The Titans have shown some aggressiveness, sending more than four men a number of times, and have collapsed the pocket consistently in the early going, leading to a foul in the end zone and a safety to give the offense the ball back.
Cutler is having little time to scan the field and when he does, is finding little open down field.
Titans defense has been put in poor positions time after time and have not had a fair chance to keep the team in the game.
Despite some struggles with consistency throughout the season, Bears quarterback Jay Cutler pilots an offense that ranks eighth in the league in scoring, averaging 26.4 points per game.
The Titans' defensive struggles this season have been well-documented, as the team has allowed over 20 points in seven of its first eight games and sits in last in the NFL in scoring defense, surrendering over 32 points a contest.
However, the unit is coming off its strongest performance of the year last week, where they held the Colts' offense to 13 points in regulation and 19 points overall in the loss.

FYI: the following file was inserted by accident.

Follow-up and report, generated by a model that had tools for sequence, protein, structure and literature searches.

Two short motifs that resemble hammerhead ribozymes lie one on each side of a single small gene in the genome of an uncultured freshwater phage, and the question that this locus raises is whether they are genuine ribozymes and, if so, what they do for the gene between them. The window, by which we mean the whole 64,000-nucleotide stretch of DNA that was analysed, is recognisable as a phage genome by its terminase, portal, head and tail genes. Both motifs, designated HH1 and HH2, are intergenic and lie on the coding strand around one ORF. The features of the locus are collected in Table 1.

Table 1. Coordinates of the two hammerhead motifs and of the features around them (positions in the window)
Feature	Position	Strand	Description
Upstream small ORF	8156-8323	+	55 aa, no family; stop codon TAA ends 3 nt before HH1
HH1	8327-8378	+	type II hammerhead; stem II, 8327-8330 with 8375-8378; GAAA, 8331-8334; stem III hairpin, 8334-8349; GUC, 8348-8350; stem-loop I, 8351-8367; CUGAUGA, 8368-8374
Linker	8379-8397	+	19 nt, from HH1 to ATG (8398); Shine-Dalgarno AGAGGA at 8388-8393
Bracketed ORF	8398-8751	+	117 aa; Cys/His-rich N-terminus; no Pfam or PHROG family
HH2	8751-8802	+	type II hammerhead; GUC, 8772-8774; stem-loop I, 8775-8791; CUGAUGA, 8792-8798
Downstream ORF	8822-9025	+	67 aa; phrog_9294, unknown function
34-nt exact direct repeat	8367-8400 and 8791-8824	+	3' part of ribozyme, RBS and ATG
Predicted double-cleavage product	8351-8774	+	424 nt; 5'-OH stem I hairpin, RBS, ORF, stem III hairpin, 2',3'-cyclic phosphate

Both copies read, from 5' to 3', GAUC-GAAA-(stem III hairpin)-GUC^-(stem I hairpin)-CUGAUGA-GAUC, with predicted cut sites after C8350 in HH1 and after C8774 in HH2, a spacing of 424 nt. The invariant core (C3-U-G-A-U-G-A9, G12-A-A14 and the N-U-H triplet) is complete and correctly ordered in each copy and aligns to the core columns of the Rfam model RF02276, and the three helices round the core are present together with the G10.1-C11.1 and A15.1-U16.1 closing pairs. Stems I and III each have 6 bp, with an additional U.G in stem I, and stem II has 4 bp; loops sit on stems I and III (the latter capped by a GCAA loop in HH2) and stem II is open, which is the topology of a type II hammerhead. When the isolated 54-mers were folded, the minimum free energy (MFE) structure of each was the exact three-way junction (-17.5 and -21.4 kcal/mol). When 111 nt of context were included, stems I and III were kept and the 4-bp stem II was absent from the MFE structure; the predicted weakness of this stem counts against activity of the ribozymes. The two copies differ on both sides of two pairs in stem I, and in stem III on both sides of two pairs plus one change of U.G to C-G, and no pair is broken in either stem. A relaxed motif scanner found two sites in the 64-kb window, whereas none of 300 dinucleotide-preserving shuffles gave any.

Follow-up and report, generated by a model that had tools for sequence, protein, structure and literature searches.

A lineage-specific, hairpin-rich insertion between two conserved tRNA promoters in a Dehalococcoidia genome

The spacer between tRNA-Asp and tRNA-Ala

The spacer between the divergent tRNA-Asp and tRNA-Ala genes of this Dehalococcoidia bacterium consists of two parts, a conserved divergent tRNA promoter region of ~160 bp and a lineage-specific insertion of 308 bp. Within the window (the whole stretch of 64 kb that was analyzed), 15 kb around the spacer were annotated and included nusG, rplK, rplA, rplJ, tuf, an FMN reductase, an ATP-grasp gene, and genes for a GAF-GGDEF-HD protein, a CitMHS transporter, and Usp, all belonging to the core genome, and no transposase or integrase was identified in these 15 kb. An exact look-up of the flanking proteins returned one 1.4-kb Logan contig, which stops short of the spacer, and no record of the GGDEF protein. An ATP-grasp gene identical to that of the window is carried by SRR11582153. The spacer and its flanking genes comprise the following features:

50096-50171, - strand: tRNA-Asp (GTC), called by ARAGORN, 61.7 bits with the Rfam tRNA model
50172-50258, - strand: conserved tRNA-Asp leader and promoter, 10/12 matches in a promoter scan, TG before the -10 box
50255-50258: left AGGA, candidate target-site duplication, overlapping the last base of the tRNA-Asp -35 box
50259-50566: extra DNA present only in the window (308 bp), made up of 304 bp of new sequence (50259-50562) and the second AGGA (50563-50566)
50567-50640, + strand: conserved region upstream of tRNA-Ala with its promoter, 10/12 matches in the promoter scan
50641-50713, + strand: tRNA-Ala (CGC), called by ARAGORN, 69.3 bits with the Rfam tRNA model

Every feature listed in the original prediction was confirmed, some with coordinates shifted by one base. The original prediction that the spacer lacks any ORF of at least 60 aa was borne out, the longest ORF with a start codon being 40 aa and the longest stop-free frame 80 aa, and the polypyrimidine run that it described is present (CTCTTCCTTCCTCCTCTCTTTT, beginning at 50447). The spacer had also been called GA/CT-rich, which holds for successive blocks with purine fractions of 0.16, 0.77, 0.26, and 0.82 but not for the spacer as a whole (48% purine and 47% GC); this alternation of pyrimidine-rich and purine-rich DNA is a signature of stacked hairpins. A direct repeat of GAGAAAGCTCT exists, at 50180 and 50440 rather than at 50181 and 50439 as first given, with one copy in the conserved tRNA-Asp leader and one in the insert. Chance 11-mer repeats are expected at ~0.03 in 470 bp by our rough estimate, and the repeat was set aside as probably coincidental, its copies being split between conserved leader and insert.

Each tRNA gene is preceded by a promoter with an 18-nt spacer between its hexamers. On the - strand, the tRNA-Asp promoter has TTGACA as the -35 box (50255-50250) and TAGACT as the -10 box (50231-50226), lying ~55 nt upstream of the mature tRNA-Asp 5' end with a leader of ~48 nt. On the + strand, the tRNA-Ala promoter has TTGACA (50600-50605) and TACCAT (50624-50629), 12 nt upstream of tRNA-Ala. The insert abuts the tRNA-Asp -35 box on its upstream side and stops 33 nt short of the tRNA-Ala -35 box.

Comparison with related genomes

The Titans' pass rush, which has shown some consistency in recent weeks, will need to get to Jay Cutler throughout the game and not give him time to scan the field and beat the Titans downfield.
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The Tennessee specials teams committed numerous penalties and had a punt blocked that led to a touchdown in a day special teams coordinator Alan Lowry will hope to forget moving forward.
Darius Reynaud was unable to get anything going in the return game as the Titans struggled overall.
Halftime: A long punt return, a blocked punt and a number of special teams penalties have all but sealed the Titans fate in this game.
Rob Bironas added a field goal late in the second quarter, but that remains the only positive in what has otherwise been a miserable 30 minutes for the special teams unit.
First quarter: The special teams play early on has been highlighted by a blocked punt that was recovered for a touchdown by the Bears and a long return by Devin Hester.
The Titans special teams has been responsible for a couple penalties and have yet to have anything other than a negative impact on the game.